Accounts Payable Coordinator Job Description

Written by sam amico
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Accounts Payable Coordinator Job Description
An accounts payable coordinator manages a company's bills. (Accounting and finance image by MAXFX from

An accounts payable coordinator handles payments sent out by a company. Accounts payable coordinators receive and reviews invoices from vendors and makes sure the company’s records match the cost of the bill. If everything is in order, accounts payable coordinators pay the bill. The coordinator often uses computers and accounting software to assist with this process.


Accounts payable coordinators keep a close eye on their company’s budget and overall spending. They work in a wide array of industries, from government agencies to banks to hotels to hospitals and automobile dealerships. Their main task is to make certain bills are paid quickly and accurately, and that services and goods delivered to their business cost as much as promised. Accounts payable coordinators often handle related duties as well, including tax matters. They tend to work alongside accounts receivable coordinators, as collecting from customers goes a long way in helping their company pay its own bills.


Accounts payable coordinators must be expert mathematicians and pay close attention to detail. They need to be highly analytical, organised, capable problem solvers and motivated. They also need to work well independently and possess sound communication skills to interact with vendors, management and co-workers. On top of those things, accounts payable coordinators should have a firm understanding of computers and accounting-related software needed to perform the job.


Accounts payable coordinators typically need to have received their bachelor’s degree in accounting before being hired. Occasionally, they will also want to obtain a license as a Certified Public Accountant (CPA) for the purpose of advancement--although it is not usually a requirement. Areas of study for accounts payable coordinators typically include math, finance, economics, business, administration and, of course, accounting. Some companies may only require their accounts payable coordinators to possess an associate degree, allowing them to learn on the job.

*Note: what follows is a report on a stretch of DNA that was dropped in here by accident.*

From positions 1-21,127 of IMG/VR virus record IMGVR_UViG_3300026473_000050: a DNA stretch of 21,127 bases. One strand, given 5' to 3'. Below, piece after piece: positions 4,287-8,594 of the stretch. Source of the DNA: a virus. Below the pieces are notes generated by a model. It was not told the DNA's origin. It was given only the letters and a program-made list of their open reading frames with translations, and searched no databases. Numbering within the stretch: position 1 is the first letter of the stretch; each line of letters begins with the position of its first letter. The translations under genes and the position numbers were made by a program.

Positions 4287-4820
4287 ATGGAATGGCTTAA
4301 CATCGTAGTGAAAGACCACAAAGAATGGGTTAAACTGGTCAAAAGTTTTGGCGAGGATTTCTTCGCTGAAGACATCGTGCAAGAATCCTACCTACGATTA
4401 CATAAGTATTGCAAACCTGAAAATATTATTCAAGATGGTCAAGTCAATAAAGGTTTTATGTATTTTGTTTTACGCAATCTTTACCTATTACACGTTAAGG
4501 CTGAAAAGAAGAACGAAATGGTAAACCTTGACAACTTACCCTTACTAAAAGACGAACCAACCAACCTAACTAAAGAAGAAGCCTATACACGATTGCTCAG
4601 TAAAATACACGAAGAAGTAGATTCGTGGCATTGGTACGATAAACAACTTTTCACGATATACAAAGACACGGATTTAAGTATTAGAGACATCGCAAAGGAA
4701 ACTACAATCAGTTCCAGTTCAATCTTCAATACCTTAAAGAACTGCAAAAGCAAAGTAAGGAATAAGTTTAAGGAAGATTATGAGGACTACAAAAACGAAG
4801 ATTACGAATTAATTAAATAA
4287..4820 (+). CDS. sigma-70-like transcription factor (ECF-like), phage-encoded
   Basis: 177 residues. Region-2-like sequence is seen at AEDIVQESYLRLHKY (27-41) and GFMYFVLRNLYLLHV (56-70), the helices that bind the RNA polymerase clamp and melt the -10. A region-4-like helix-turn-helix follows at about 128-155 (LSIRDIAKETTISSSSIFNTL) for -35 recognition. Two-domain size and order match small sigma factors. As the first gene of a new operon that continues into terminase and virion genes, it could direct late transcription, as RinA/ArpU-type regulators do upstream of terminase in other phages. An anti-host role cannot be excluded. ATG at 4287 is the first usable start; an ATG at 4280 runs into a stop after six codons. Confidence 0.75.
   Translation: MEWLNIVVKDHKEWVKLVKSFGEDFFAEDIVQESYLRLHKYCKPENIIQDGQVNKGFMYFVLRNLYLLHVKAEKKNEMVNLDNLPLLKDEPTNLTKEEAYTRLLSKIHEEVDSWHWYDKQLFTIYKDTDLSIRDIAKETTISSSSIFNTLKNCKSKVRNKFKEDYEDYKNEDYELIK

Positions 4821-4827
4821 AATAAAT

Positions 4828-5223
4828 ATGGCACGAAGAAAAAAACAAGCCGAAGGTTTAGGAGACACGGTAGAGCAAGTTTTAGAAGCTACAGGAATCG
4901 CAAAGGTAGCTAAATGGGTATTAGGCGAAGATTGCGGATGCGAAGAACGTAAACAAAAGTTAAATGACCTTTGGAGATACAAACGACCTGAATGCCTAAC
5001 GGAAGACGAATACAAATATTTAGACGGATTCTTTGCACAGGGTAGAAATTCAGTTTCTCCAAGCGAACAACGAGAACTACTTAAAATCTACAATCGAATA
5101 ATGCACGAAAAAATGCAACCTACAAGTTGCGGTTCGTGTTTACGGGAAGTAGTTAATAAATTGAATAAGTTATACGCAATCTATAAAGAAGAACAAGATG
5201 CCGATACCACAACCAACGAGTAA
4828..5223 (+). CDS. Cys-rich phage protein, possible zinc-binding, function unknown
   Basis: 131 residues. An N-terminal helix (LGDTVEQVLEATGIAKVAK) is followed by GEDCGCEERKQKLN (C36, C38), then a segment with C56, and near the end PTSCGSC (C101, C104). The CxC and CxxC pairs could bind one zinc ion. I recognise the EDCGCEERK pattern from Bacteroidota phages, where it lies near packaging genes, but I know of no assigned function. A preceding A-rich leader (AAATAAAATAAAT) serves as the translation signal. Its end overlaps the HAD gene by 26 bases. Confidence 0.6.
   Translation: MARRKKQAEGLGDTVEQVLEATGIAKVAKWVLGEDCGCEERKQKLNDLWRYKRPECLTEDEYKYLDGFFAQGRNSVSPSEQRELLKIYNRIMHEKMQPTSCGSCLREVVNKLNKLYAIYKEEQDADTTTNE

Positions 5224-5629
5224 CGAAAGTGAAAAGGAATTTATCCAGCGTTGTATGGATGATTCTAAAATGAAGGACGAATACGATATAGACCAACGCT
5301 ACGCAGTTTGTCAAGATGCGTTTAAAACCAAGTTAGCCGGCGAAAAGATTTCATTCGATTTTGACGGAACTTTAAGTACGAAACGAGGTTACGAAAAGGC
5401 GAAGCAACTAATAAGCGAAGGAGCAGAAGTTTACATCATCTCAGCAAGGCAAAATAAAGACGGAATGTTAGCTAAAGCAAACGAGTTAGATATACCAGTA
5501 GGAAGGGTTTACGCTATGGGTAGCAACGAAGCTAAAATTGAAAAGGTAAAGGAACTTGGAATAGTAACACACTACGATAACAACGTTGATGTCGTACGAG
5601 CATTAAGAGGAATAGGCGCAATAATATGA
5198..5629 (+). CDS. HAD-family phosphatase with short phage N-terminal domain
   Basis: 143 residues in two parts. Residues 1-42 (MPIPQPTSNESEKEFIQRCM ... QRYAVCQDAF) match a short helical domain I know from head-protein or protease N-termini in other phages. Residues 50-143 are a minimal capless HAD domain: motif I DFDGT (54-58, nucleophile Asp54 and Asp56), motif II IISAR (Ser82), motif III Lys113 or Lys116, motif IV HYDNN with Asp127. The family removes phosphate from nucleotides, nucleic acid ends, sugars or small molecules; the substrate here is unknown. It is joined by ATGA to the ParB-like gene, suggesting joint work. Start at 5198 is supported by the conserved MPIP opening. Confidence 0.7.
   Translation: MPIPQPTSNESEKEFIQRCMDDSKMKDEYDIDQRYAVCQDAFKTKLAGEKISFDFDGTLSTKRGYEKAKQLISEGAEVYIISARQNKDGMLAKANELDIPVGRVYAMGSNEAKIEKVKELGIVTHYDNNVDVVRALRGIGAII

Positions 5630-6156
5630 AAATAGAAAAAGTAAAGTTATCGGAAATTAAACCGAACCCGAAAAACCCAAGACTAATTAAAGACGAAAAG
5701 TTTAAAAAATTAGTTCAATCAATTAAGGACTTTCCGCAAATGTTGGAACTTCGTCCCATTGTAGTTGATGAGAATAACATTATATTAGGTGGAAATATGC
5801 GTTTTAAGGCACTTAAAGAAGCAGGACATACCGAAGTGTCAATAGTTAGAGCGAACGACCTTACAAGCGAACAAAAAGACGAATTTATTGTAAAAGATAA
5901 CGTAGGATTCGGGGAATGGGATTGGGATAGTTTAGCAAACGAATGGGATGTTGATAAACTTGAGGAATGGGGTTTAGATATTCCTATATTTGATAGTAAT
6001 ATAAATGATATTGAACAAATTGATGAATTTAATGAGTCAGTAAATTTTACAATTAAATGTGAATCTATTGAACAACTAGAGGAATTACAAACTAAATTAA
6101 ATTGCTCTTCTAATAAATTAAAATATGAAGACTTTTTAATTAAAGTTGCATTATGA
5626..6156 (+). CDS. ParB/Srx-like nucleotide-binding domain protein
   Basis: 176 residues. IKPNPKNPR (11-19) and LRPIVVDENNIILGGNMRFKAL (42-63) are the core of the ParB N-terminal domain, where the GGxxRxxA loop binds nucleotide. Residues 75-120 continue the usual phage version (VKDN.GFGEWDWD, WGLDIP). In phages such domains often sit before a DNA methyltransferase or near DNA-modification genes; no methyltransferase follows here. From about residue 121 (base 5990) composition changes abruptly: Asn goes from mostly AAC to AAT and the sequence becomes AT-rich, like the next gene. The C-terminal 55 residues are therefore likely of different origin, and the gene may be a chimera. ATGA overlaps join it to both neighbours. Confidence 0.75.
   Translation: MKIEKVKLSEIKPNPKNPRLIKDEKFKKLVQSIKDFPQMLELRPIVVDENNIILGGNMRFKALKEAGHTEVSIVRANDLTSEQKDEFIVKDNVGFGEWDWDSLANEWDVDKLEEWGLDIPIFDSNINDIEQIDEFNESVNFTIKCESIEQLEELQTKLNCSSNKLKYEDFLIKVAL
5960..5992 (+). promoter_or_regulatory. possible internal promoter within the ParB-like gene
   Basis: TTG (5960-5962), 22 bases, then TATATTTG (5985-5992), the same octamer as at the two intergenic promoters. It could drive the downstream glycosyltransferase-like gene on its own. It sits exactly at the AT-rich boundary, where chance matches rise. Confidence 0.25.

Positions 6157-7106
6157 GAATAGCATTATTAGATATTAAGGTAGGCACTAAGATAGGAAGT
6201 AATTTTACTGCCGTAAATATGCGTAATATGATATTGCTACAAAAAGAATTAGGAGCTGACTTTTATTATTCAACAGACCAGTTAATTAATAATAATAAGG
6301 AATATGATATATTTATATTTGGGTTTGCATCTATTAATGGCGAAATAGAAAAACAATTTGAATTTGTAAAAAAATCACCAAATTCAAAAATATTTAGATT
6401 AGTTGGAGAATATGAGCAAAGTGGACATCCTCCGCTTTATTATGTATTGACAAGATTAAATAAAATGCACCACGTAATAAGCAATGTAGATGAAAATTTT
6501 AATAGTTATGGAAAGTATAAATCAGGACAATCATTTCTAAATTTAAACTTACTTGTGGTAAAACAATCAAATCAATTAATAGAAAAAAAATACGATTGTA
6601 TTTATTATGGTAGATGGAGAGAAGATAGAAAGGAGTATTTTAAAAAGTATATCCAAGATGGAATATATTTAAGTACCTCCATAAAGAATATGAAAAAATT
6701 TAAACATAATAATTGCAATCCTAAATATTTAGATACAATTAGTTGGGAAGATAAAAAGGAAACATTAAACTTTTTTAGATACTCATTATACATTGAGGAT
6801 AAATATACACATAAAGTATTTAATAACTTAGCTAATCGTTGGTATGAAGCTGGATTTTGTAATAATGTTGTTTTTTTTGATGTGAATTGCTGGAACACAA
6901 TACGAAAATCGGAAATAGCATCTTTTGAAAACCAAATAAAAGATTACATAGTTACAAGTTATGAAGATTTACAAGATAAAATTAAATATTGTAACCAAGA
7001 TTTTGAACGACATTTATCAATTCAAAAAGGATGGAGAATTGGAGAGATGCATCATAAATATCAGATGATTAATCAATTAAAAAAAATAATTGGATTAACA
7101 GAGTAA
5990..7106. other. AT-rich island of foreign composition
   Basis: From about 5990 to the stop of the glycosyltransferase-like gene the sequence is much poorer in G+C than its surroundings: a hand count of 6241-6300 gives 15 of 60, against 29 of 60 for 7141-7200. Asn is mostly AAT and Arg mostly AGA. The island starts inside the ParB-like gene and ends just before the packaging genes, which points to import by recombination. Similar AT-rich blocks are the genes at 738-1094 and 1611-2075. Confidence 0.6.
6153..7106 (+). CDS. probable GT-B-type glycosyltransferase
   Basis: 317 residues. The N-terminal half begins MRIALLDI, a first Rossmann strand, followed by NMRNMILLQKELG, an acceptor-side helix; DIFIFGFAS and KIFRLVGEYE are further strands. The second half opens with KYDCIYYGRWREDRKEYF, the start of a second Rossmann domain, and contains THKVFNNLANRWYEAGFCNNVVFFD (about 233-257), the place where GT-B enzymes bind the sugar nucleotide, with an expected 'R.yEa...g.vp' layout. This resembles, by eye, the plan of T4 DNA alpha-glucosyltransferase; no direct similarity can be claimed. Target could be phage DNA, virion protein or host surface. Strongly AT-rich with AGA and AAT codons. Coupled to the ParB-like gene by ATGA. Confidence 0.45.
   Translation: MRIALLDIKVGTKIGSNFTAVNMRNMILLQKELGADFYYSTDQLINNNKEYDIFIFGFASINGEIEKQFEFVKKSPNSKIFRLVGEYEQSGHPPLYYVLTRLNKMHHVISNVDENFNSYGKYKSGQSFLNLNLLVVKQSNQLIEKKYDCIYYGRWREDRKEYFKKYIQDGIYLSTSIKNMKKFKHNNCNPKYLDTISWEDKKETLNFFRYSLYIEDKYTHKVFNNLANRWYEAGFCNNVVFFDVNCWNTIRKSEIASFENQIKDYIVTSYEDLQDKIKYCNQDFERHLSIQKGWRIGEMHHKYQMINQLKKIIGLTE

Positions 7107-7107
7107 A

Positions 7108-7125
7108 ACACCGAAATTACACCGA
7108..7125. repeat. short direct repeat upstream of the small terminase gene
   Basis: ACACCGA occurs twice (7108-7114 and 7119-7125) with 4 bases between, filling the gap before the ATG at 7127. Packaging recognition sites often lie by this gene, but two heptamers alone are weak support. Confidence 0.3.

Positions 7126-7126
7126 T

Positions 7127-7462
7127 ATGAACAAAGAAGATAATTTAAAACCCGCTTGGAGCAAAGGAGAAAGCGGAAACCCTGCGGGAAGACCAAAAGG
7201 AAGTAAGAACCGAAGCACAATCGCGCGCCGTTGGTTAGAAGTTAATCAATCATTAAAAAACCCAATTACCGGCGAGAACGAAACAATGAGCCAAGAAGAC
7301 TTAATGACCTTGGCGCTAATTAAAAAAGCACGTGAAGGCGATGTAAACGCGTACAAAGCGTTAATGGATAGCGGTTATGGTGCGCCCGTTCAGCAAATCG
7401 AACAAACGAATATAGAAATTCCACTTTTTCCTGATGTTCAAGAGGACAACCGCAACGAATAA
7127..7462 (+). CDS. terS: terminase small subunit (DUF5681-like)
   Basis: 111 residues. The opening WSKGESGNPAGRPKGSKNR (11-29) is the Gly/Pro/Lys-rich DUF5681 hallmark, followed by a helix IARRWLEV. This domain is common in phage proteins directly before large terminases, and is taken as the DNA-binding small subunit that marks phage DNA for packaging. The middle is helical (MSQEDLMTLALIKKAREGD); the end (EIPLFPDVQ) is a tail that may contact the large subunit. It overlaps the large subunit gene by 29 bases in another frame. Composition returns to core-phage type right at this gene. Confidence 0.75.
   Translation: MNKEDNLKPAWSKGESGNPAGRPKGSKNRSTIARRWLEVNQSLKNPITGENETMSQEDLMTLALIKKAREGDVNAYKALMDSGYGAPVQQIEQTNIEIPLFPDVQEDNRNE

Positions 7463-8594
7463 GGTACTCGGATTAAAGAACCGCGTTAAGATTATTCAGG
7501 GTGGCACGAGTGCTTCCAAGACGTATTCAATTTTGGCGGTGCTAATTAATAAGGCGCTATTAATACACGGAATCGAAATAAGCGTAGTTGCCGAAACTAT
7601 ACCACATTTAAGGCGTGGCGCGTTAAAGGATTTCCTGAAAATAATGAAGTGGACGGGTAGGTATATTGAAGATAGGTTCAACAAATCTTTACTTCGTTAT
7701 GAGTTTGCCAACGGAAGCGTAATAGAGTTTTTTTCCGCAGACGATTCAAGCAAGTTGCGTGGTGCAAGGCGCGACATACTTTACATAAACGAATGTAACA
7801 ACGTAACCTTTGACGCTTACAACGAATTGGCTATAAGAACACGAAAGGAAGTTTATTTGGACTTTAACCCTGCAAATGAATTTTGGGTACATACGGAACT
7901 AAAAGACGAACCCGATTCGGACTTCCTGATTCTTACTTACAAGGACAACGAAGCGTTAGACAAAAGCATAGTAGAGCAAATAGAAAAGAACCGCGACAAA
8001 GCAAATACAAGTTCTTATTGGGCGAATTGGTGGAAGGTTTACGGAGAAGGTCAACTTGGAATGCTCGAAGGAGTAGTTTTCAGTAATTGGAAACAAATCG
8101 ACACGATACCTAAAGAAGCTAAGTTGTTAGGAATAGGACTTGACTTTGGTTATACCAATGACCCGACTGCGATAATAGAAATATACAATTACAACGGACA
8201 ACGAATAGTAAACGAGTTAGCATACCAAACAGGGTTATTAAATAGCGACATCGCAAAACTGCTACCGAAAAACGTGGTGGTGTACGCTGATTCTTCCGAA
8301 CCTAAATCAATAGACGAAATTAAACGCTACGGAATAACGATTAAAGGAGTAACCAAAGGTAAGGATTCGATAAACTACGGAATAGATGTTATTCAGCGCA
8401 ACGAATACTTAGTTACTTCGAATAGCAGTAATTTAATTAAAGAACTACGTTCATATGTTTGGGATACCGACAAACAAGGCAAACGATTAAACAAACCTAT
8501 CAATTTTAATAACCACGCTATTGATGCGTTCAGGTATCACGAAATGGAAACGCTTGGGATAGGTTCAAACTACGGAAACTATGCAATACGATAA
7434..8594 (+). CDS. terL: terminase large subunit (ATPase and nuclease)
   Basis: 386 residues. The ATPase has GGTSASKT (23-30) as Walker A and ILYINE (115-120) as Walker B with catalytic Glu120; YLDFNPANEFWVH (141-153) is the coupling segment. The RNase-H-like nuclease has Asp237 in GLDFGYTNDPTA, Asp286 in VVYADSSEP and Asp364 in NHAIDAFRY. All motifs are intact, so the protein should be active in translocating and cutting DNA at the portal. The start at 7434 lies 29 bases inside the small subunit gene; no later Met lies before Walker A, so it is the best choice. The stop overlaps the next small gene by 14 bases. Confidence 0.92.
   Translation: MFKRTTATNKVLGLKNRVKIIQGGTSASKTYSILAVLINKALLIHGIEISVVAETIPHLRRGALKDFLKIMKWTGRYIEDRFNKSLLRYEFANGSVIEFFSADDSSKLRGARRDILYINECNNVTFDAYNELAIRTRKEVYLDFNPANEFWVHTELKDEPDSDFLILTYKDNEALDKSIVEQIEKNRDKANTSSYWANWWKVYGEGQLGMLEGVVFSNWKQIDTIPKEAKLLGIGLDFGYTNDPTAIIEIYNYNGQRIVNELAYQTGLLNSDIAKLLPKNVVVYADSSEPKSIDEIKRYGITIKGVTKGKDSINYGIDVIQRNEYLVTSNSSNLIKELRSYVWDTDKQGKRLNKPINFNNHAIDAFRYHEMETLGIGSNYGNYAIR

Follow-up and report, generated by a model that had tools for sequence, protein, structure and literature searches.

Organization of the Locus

Accountants are likely to see their prospects increase considerably during the next decade. According to the U.S. Bureau of Labor Statistics (BLS), jobs for accountants will grow by 22 per cent from 2008 through 2018, which is much faster rate than all other occupations during the same time frame. The BLS reported that about 1.3 million workers held jobs as accounts in May 2008, although that number was not specific to accounts payable coordinators.


Accounts payable coordinators earned anywhere from nearly £20,800 to more than £27,300 in April 2010, reported. The highest earners are typically those with degrees and certification, as well as experience.

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